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Prosecutors drop murder charge due to DNA transference

Prosecutors drop murder charge due to DNA transference

In 2012, a millionaire was robbed, bounded and suffocated. According to the San Jose Mercury News, a homeless man’s DNA was found under the victim’s fingernail, and the man was arrested on a murder charge. However, his attorney was able to prove that not only did the man not commit the crime, but he was never even at the scene. A paramedic had accidentally transferred the man’s DNA to the location of the incident.

While the case may be the first of its kind, it is certainly not the only situation in which faulty DNA evidence has resulted in inaccurate charges and even wrongful convictions.

Building a strong defense

In the case of the homeless man, the prosecution built an argument based on the fact that the man had a history of both violent and nonviolent crimes. Additionally, the homeless man had a brain injury that caused memory issues, and he was unable to recall where he was the night of the murder. Combined with the DNA at the scene of the crime, it appeared the prosecution had a compelling case.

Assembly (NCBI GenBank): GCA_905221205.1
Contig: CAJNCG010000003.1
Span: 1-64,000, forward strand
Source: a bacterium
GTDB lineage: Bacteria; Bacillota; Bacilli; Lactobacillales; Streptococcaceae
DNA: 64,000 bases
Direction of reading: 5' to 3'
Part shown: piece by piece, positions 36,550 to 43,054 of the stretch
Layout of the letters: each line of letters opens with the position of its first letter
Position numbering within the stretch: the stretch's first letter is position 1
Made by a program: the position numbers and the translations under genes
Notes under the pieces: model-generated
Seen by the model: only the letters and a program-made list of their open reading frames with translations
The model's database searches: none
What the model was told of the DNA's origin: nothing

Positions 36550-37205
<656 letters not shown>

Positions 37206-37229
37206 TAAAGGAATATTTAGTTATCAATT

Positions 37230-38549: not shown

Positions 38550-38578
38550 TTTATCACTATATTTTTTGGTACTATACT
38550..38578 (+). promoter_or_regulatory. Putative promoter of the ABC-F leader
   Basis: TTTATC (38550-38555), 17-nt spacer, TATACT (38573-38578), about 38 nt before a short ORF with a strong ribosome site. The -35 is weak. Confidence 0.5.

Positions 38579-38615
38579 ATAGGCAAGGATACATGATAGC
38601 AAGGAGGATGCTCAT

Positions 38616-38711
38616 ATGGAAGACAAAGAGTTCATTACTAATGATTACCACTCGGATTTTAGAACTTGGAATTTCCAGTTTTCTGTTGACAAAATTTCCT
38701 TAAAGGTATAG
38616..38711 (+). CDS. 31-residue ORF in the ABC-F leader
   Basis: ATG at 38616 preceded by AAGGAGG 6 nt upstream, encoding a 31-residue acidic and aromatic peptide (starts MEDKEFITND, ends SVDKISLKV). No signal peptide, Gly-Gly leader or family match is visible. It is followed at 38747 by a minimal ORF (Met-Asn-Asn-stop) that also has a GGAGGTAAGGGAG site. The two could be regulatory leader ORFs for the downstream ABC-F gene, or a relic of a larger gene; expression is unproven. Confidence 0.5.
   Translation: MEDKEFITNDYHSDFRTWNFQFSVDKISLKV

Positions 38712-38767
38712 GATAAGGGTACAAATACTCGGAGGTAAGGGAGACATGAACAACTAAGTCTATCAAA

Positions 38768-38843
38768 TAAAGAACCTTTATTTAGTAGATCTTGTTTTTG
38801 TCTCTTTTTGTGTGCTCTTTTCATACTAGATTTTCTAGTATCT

However, the defendant’s attorney discovered that on the night of the murder, the man was taken to a medical facility after he had passed out in an urban area. The same monitoring device that was placed on his finger was later put onto the victim’s finger, thus transferring the DNA. Upon reviewing the evidence, the prosecution dropped the charges.

The problems with DNA

The American Psychological Association points out that for as helpful as DNA evidence can be when solving crimes, it also presents a number of opportunities for mistakes, inaccuracies and exaggeration. As in the case of the homeless man, it is possible for DNA to be transferred from one location to another, misleading investigators, juries and judges to believe that someone was at a scene.

Other common issues related to DNA include the following:

  • The statistics – DNA matches are rarely perfect, meaning there are only odds that the DNA at a scene matches the DNA of the suspect. Therefore, it is possible for samples to match each other solely by coincidence.
  • Human error – Lab technicians often evaluate the samples in order to determine their validity and can make mistakes.
  • Mixed samples – Due to improper storage or contamination, a DNA sample could contain evidence from different sources, further complicating the identification process.

A study published in Psychological Science suggests that for every 100 samples, labs produce at least one or two false positive matches. Anyone with questions regarding the fallibility of DNA evidence should consult with a criminal defense attorney.

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